General Mark Carleton-Smith (pictured), the new Chief of the General Staff, said Britain and its allies could not be ‘complacent’ about the Russian threat
Russia now poses a greater threat to Britain’s security than Islamist extremist organisations such as ISIS and Al Qaeda, according to the new head of the Army.
General Mark Carleton-Smith, the new Chief of the General Staff, said Britain and its allies could not be ‘complacent’ about the Russian threat, especially following the Salisbury Novichok attack earlier this year.
He said Russia is seeking to exploit the West’s vulnerabilities in more unconventional areas of warfare.
Speaking for the first time since his appointment, he told The Daily Telegraph: ‘Russia today indisputably represents a far greater threat to our national security than Islamic extremist threats such as al-Qaeda and Isil.
‘Russia has demonstrated that it is prepared to use military force to secure and expand its own national interests. The Russians seek to exploit vulnerability and weakness wherever they detect it.’
Gen Carleton-Smith, 54, said Russia sought to exploit Western weaknesses using sophisticated battle tactics, such as cyber, space or undersea warfare.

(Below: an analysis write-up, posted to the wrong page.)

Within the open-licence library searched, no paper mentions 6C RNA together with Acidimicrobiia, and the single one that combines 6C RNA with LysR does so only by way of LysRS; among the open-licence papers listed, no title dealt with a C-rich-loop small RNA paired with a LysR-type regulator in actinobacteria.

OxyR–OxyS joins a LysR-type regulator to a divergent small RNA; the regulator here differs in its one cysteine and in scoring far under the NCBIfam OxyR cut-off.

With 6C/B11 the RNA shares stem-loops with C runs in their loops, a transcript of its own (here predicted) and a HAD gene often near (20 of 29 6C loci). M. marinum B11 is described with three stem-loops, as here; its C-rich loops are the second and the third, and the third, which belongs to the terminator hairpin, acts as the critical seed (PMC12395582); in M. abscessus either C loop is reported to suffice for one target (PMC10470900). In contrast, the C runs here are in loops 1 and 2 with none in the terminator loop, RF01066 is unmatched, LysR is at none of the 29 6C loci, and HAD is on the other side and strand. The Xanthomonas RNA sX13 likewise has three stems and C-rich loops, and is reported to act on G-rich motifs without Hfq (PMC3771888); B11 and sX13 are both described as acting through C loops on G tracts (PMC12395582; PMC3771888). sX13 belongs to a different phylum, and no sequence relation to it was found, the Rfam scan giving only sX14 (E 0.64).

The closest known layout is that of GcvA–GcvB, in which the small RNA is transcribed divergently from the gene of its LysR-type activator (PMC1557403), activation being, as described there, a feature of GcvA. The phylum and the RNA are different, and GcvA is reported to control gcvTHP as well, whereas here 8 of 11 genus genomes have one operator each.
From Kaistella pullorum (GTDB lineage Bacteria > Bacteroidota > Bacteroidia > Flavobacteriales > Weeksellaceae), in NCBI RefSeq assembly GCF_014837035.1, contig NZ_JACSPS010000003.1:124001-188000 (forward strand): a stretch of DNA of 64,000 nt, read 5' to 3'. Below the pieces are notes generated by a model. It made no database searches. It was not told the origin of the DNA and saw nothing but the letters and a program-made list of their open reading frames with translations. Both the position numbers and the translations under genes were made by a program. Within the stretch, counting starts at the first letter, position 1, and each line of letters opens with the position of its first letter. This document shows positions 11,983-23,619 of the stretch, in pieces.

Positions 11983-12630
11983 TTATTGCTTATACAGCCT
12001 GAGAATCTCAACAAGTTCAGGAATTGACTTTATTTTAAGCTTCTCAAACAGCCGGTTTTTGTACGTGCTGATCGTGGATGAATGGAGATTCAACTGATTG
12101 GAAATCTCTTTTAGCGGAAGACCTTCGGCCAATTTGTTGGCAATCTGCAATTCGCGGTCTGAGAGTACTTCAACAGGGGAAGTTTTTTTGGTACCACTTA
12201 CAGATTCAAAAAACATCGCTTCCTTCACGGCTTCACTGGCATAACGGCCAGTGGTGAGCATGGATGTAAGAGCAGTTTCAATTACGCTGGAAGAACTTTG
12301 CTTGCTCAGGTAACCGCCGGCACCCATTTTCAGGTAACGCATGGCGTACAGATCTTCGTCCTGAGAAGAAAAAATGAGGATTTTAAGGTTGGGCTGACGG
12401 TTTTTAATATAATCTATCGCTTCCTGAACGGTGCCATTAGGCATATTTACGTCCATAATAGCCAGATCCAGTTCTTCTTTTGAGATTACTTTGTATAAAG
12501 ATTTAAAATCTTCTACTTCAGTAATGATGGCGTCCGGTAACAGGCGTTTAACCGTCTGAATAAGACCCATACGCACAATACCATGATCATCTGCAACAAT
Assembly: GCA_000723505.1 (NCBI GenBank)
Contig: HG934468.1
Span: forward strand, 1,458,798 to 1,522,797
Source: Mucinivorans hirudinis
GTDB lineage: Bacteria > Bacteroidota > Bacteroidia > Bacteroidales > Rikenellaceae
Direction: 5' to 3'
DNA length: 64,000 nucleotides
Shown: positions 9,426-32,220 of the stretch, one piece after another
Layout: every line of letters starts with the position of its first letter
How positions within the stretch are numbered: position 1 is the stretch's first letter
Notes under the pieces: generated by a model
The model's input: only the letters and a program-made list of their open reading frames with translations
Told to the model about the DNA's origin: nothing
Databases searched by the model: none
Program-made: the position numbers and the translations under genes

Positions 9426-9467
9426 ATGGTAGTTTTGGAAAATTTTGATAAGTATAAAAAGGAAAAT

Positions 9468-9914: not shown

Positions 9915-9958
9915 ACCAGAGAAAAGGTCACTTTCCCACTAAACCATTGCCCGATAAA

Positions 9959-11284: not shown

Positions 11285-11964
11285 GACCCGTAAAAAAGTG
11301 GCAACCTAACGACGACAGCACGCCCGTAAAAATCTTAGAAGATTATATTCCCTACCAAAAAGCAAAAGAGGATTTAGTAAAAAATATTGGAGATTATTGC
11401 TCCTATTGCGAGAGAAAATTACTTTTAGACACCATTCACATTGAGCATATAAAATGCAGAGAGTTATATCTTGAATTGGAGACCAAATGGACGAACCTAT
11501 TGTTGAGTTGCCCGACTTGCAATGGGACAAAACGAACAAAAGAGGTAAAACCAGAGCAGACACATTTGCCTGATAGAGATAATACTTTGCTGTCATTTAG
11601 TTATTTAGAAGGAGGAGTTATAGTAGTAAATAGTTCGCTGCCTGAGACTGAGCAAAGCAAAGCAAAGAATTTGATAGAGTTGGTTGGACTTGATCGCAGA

‘Russia has embarked on a systematic effort to explore and exploit Western vulnerabilities, particularly in some of the non-traditional areas of cyber, space, undersea warfare,’ he said.
‘We cannot be complacent about the threat Russia poses or leave it uncontested. The most important conventional military response to Russia is the continued capabilities and coherence of the Nato alliance.’ He was speaking after visiting British troops based in Estonia tasked with deterring Russian aggression against the Baltic states.
Gen Carleton-Smith said that with the destruction of ISIS’s territories in Iraq and Syria, and losses to Al-Qaeda in Afghanistan, the threat to British security had evolved.
The new head of the Army warned of the Russian threat in a year which has seen an allegedly Kremlin-sponsored attack on Sergei and Yulia Skripal (pictured) in Salisbury
He said: ‘The physical manifestation of the Islamist threat has diminished with the complete destruction of the geography of the so-called Caliphate’.
The married father-of-two began his military career in 1982 with operational service in Northern Ireland and the first Gulf War before he saw active service with the elite Special Air Service (SAS) in Bosnia.
He was awarded an MBE for his service in Kosovo before becoming an SAS Commanding Officer in 2002.
He commanded a brigade in Afghanistan, and from 2012-2015 served as director special forces and deputy chief of the defence staff.